What are learning objectives?
Learning objectives are statements of what the learner(s) should be able to do after completing the teaching and practice sessions. These statements are narrow and precise. They are written before the lessons or instruction is designed.
One model for Learning Objectives
We can use the SMART template to define learning objectives. SMART objectives are: Specific, Measurable, Attainable, Relevant and Time-bound.
The learning objectives, lesson plan objectives, or training objectives are focused, not general. They speak to precise points.
Objective (not subjective) measurements can assess how much learners have accomplished. Measurable objectives show proof of learning.
The objectives are based on reality, not just put down to look good on paper. Learning, lesson plan, and training objectives which are unrealistic are doomed to fail from the start.
These objectives relate to your learners in obvious and logical ways. Your learners directly benefit from accomplishing them.
There is a finite, but reasonable, time frame in which to do the teaching, practice, and measuring.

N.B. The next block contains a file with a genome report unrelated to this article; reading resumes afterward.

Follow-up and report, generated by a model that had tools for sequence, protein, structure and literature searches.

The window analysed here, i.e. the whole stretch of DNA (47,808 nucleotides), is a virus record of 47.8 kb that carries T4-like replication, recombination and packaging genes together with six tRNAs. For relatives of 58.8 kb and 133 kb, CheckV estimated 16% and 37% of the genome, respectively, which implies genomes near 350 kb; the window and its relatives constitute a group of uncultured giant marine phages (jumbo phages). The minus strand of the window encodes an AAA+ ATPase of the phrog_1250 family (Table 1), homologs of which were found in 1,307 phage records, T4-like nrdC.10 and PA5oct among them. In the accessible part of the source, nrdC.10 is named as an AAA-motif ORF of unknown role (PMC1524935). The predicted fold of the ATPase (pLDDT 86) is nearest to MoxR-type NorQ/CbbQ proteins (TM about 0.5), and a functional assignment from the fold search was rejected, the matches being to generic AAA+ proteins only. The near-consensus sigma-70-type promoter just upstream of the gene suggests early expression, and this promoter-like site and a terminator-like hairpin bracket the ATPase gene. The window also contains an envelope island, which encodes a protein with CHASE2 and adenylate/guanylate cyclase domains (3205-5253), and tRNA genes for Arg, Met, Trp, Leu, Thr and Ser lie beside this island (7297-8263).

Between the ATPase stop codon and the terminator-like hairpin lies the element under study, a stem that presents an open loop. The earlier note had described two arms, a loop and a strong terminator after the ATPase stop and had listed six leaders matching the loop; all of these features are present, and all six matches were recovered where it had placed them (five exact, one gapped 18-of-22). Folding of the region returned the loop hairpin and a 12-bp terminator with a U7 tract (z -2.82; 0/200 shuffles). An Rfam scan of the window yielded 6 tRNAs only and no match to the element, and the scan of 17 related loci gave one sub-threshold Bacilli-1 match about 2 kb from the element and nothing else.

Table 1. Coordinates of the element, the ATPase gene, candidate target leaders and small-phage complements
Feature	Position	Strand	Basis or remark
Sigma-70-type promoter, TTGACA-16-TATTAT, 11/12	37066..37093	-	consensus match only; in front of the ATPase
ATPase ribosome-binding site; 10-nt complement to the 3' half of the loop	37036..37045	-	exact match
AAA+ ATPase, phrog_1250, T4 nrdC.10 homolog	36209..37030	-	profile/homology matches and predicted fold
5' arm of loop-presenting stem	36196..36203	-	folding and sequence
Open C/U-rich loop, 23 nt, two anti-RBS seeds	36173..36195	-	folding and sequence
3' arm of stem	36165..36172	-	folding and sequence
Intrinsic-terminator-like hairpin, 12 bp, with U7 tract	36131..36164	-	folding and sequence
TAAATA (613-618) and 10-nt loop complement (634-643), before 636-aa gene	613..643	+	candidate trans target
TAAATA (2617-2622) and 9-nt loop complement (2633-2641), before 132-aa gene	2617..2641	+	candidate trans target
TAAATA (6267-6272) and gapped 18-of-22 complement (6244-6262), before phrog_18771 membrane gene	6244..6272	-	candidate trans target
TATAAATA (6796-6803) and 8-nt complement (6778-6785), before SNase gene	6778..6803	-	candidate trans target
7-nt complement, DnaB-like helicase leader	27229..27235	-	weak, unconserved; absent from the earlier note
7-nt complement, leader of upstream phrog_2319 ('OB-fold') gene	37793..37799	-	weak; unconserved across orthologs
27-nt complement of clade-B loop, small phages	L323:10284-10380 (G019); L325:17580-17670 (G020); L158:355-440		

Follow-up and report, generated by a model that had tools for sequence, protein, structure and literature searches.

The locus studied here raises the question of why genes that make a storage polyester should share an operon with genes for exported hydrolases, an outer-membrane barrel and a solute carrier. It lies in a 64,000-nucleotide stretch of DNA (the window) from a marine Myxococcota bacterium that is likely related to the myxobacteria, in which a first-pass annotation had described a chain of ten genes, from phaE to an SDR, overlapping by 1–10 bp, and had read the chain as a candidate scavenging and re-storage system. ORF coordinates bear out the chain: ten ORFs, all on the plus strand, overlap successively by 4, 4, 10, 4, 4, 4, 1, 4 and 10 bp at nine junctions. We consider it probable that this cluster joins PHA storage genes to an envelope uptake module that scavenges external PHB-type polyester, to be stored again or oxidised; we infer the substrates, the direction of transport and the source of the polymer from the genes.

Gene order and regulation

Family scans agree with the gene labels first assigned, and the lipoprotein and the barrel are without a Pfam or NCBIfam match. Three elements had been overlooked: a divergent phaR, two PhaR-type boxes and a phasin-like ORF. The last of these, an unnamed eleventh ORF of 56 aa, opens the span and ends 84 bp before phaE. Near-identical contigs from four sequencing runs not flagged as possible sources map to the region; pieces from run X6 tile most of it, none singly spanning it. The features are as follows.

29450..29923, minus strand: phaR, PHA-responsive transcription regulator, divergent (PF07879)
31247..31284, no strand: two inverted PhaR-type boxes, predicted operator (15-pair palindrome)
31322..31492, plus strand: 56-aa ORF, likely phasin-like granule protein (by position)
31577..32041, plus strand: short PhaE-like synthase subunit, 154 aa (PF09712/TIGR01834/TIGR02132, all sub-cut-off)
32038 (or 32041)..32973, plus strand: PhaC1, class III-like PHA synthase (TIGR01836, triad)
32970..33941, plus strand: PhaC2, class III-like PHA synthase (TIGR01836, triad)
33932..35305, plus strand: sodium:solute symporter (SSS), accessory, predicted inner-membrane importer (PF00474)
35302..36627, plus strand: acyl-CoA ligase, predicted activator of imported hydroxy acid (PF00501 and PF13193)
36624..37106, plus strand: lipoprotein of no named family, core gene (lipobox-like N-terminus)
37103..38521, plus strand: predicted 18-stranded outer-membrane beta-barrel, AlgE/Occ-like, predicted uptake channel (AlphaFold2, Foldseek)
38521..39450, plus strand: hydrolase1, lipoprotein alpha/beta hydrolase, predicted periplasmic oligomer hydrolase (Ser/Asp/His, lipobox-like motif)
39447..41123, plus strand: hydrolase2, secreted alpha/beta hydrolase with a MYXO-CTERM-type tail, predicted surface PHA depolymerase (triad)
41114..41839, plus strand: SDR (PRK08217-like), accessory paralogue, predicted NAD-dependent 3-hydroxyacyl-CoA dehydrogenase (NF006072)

Another model for Learning Objectives
Learning, lesson plan, and training objectives can also be crafted using the ABCD template: Audience, Behavior, Condition, Degree.
Who is this objective for? Who will be doing the learning?
What is the observable/measurable outcome? What should the audience be able to do?
Under which conditions or constraints should learners be able to demonstrate their learning? Consider factors such as location, time, materials/aids, etc.
How should this learning demonstration be performed? In other words, under which criteria is the performance acceptable? Think about accuracy, speed, quality, etc.
Since there is quite a bit of overlap between the two models, I like combining the two when writing my objectives. Which brings us to….
How do you write learning objectives?
As educators, a key way to accomplish successful learning outcomes is to write good objectives. So, how do you write a good objective?
Obviously, you begin with one (or both) models above. Then, you add Bloom’s Taxonomy.